This edition of HH101 deals with the realities of PTSD and its most practical remedies
July is National Minority Mental Health Awareness Month and as I stated last week, all of my Hood Health articles this month will feature a different mental disorder. This week I would like to focus on Post Traumatic Stress Disorder or PTSD. PTSD as defined by WebMd is a serious condition that can develop after a person has experienced or witnessed a traumatic, tragic, or terrifying event in which serious physical harm occurred or was threatened. More often than not, individuals with PTSD repeatedly re-live the trauma in the form of nightmares and disturbing recollections during the day. These nightmares or recollections may come and go irregularly or consistently with no definitive time frame. A person may be free from them for weeks at a time and then experience them daily for no reason. Individuals with PTSD may also experience sleep problems, depression, feeling detached or numb, and being easily startled to name a few. They may lose interest in the things that they used to enjoy as well as having trouble feeling or being affectionate. People with PTSD may feel irritable, more aggressive than before, or even violent. When they see things that remind them of the incident, it may be very distressing which could lead them to avoid certain places or situations that bring back those memories. Post Traumatic Stress Disorder occurs when a trauma survivor has been exposed to actual or threatened with death, serious injury, or sexual violence. The exposure to these factors can be direct or indirect. The symptoms of PTSD are mainly grouped into 3 categories which are reliving, avoiding, and increased arousal. Listed below is a detailed description of all of the categories according to WebMd:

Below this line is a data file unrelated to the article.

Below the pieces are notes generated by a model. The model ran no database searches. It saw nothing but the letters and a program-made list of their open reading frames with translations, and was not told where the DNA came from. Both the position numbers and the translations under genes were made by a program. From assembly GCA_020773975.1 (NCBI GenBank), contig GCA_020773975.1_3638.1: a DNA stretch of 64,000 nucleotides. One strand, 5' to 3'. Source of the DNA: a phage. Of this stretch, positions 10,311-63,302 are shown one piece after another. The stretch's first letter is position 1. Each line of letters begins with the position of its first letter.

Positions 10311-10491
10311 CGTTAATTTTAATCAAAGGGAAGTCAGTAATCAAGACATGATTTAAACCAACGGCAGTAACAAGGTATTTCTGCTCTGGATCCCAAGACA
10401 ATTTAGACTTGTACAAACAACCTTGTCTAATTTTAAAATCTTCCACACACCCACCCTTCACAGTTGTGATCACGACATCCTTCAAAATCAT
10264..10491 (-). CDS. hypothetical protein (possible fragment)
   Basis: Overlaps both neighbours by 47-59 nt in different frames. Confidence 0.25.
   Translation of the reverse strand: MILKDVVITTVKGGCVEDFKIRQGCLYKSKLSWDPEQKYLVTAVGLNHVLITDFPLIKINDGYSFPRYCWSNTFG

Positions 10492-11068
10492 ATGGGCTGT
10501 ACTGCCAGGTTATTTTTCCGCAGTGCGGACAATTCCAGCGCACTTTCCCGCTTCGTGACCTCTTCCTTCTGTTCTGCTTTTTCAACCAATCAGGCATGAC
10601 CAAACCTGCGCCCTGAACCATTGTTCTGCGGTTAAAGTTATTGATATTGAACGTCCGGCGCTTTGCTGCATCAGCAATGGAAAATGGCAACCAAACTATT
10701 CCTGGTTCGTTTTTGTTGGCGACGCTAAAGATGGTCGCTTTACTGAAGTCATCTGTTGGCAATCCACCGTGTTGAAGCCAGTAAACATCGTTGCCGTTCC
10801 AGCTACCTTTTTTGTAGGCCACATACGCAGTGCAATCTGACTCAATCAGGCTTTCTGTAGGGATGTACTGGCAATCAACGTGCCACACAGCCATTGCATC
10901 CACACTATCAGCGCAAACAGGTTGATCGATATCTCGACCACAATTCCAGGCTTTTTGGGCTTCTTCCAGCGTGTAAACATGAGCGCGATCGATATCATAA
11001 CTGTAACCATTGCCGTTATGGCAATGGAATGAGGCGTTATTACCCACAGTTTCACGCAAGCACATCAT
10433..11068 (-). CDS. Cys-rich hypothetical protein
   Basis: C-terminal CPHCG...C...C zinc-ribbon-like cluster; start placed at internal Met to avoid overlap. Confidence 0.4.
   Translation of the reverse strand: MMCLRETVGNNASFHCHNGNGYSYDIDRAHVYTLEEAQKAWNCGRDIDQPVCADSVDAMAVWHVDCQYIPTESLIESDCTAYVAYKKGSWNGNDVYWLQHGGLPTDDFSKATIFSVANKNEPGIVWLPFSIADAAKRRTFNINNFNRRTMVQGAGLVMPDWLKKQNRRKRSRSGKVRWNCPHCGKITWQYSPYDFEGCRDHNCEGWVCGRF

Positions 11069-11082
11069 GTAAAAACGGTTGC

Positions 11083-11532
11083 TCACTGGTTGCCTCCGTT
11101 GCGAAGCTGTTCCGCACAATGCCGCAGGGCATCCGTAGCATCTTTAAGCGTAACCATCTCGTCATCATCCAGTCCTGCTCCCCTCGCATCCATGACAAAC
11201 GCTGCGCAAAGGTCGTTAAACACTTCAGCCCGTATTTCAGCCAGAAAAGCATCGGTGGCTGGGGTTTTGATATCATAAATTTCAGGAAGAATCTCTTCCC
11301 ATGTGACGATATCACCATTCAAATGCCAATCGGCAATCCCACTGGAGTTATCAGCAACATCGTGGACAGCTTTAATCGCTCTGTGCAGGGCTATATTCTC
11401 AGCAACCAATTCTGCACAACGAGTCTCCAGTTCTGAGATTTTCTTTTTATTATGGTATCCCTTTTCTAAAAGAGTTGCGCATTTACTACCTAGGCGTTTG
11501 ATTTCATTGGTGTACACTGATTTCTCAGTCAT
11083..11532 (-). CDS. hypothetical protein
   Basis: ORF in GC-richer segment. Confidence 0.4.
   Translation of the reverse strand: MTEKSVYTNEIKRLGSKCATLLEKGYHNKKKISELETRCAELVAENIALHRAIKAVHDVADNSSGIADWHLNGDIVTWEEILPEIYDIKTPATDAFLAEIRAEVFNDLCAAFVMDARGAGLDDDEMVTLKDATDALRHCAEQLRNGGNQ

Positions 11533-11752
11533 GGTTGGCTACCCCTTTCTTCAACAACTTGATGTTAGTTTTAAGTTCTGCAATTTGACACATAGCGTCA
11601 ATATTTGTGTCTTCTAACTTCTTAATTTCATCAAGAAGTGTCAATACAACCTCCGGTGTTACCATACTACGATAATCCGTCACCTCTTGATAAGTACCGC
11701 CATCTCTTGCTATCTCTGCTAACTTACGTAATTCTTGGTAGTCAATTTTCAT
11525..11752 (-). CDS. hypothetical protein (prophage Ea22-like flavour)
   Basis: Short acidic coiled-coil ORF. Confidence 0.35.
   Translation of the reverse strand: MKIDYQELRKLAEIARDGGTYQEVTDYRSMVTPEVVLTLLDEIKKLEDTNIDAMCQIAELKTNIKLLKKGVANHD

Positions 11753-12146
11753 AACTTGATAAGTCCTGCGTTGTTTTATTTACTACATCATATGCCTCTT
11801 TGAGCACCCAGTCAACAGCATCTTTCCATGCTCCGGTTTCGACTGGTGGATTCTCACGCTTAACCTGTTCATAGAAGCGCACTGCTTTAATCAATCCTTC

**Reliving: People with PTSD repeatedly relive the ordeal through thoughts and memories of the trauma. These may include flashbacks, hallucinations, and nightmares. They also may feel great distress when certain things remind them of the trauma, such as the anniversary date of the event.
**Avoiding: The person may avoid people, places, thoughts, or situations that may remind him or her of the trauma. This can lead to feelings of detachment and isolation from family and friends, as well as a loss of interest in activities that the person once enjoyed.
**Increased arousal: These include excessive emotions; problems relating to others, including feeling or showing affection; difficulty falling or staying asleep; irritability; outbursts of anger; difficulty concentrating; and being “jumpy” or easily startled. The person may also suffer physical symptoms, such as increased blood pressure and heart rate, rapid breathing, muscle tension, nausea, and diarrhea. If you are experiencing symptoms of PTSD please seek medical attention. There are serious emotional concerns that can result in tragic and even deadly consequences for the individual with PTSD. This article is not intended to assist you in ascertaining a diagnosis, nor is it meant to provide you with
an in depth perspective of each illness. The articles presented this month are intended to provide you with a degree in information on a particular illness and its symptoms. If you have questions or need to be evaluated, again, please see your healthcare professional.